KNOTS IN THE NETWORK

After being at loggerheads with GIPSA, for the first few weeks, the majority of hospitals have now come on board. Presently, a total of 560 hospitals have agreed to join the PPN including reputed names such as Jaslok hospital in Mumbai and Sir Ganga Ram Hospital in New Delhi. The GIPSA members have, however, not been able to strike agreements with top hospital chains such as Fortis, Max Healthcare and Apollo. The point of contention remains the standardisation of rates.

"GIPSA wanted similar rates across all hospitals, without comparing the quality of infrastructure, doctors, services, accreditation etc. available at various hospitals. We find it difficult to accept arbitrary rates which are going to be the same across all categories of hospitals," argues Sunil Kapur, chief of sales, Fortis Healthcare. Kapur is also wary of the manner in which the change in policy was announced. "No time was given to the providers, no negotiations were done and suddenly the cashless facility was stopped," he adds.

However, Singhal says the dialogue is still on and GIPSA hopes to break the deadlock soon. Jaswal from E-Meditek, which is also a party in the process of negotiating rates with these hospitals, says it is a matter of time before they all come on board.

THE WAY FORWARD

Some private insurers, such as Bajaj Allianz, Max Bupa and ICICI Lombard, do not rely on TPAs to settle claims. They administer the settlement of claims inhouse. Now, public sector insurers too are planning to form a joint venture with a TPA that will administer the claims of only GIPSA members. The arrangement, expected to be in place by June this year, will hopefully woo back the hospitals that have chosen to stay outside the PPN.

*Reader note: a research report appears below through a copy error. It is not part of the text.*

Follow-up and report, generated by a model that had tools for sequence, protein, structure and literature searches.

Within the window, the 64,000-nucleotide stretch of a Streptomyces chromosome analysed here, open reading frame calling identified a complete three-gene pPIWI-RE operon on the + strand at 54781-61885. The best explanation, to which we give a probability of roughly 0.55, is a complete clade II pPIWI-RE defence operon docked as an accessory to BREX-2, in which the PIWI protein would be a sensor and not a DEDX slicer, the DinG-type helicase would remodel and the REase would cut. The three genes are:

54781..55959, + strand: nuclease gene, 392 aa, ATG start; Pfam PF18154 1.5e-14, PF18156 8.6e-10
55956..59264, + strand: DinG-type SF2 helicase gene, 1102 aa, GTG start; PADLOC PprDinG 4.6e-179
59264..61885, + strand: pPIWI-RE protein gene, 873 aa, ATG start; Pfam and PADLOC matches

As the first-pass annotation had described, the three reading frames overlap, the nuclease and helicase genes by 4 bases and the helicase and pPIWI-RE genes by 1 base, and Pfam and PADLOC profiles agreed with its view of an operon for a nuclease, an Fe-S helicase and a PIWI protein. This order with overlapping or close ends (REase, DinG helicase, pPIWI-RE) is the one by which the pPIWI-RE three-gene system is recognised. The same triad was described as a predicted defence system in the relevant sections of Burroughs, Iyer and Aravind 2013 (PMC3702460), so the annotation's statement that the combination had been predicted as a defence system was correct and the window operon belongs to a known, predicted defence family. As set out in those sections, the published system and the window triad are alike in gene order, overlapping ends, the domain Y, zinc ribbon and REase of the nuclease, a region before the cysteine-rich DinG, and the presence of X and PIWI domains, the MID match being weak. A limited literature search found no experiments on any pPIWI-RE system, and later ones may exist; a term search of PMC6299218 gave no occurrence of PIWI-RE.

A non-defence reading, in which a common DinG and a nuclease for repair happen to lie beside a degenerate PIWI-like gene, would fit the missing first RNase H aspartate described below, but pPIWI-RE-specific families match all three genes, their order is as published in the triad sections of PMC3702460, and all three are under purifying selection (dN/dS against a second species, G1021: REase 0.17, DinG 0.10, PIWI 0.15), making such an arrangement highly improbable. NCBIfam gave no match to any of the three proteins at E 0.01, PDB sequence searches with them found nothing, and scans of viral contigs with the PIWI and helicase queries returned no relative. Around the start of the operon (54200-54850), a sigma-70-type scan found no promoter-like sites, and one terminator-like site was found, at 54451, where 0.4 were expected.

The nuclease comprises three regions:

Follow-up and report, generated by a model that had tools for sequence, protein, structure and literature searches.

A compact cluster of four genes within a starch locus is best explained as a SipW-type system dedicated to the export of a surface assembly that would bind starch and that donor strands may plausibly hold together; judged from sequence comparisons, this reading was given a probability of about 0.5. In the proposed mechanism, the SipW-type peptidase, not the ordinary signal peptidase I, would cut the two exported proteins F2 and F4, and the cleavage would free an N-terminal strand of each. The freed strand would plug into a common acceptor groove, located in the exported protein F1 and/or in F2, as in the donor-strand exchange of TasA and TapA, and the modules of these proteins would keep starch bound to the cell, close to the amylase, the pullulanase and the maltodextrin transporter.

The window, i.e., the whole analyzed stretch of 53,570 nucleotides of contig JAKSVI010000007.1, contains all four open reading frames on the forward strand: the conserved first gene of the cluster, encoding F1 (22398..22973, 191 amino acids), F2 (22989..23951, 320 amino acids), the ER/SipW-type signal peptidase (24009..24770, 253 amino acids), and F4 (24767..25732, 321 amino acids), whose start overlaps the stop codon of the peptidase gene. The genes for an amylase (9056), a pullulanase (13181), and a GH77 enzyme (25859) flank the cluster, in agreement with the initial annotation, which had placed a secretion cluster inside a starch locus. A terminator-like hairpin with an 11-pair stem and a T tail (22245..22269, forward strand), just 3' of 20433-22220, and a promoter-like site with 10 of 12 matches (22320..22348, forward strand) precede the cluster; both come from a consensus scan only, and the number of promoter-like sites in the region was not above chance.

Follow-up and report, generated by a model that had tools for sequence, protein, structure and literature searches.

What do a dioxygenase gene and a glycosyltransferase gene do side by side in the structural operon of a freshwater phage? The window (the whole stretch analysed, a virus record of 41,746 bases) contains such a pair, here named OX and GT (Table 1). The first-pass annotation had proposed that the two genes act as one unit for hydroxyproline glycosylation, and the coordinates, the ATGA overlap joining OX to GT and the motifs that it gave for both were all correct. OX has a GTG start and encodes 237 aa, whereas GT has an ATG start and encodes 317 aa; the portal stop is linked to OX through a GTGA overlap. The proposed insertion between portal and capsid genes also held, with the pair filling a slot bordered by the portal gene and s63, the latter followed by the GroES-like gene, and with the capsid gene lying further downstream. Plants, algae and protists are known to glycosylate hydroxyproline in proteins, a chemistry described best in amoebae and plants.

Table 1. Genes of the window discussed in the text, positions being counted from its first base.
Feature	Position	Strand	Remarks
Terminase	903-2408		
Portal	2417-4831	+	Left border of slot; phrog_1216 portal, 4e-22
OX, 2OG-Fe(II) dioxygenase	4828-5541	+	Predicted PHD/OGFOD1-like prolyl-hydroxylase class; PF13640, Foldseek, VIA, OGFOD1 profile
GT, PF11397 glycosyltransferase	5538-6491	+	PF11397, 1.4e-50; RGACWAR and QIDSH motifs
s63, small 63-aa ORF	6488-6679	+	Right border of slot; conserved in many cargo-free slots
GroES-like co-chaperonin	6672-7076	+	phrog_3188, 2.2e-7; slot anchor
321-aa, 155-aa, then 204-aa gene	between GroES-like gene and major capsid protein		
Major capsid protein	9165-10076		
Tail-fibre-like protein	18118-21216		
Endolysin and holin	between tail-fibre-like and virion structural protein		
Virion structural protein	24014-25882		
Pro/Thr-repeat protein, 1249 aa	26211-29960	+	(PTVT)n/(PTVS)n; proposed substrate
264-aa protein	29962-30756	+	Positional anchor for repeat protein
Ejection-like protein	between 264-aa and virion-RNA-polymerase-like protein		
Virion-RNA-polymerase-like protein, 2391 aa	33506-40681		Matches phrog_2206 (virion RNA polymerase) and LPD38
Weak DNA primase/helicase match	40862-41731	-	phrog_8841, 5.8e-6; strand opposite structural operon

"Individual TPAs do not have a bandwidth and there is no strong TPA association that can speak for the industry. A dedicated TPA for PSU insurance companies might be in a position to do so," says Kapur. GIPSA sees the customer and the industry gaining from its new system. "The purpose behind setting up our own TPA is to create a benchmark for customer service so that we increase the competition. We have no complaints against existing TPAs. They are providing very good service. Our wish is that they become better," says Singhal.

Singhal also plans to roll out the rate-standardisation exercise in cities such as Kolkata, Chandigarh, Hyderabad and Ahmedabad after the four metros. Meanwhile, currently, what does the consumer do if he is stuck with a health insurance policy from a GIPSA member in a hospital that is not part of the PPN? According to Jaswal, reimbursement route is not as tough as customers make it out to be.

 AVAILING SERVICES FROM NON-NETWORK HOSPITALS

STEP 1
Policyholder should intimate the TPA within the period stipulated

STEP 2
Make full payment to the hospital after completion of treatment

STEP 3
Submit policy copy, ID card, payment receipts, discharge summary, signed claims form & investigation reportsment to the TPA


HEALTH INSURANCE: WHY YOU NEED IT
1.Are you protected enough?
2.Spreading the health cover wider
3.'Health cover portability will improve industry'
4.Negotiated Settlement
5.'Standardised rates will benefit insurers, customers'
6.Extra Cover! At What Cost?
7.'Hike in health cover premium rates needed'

  • Print
  • COMMENT
BT-Story-Page-B.gif
A    A   A
close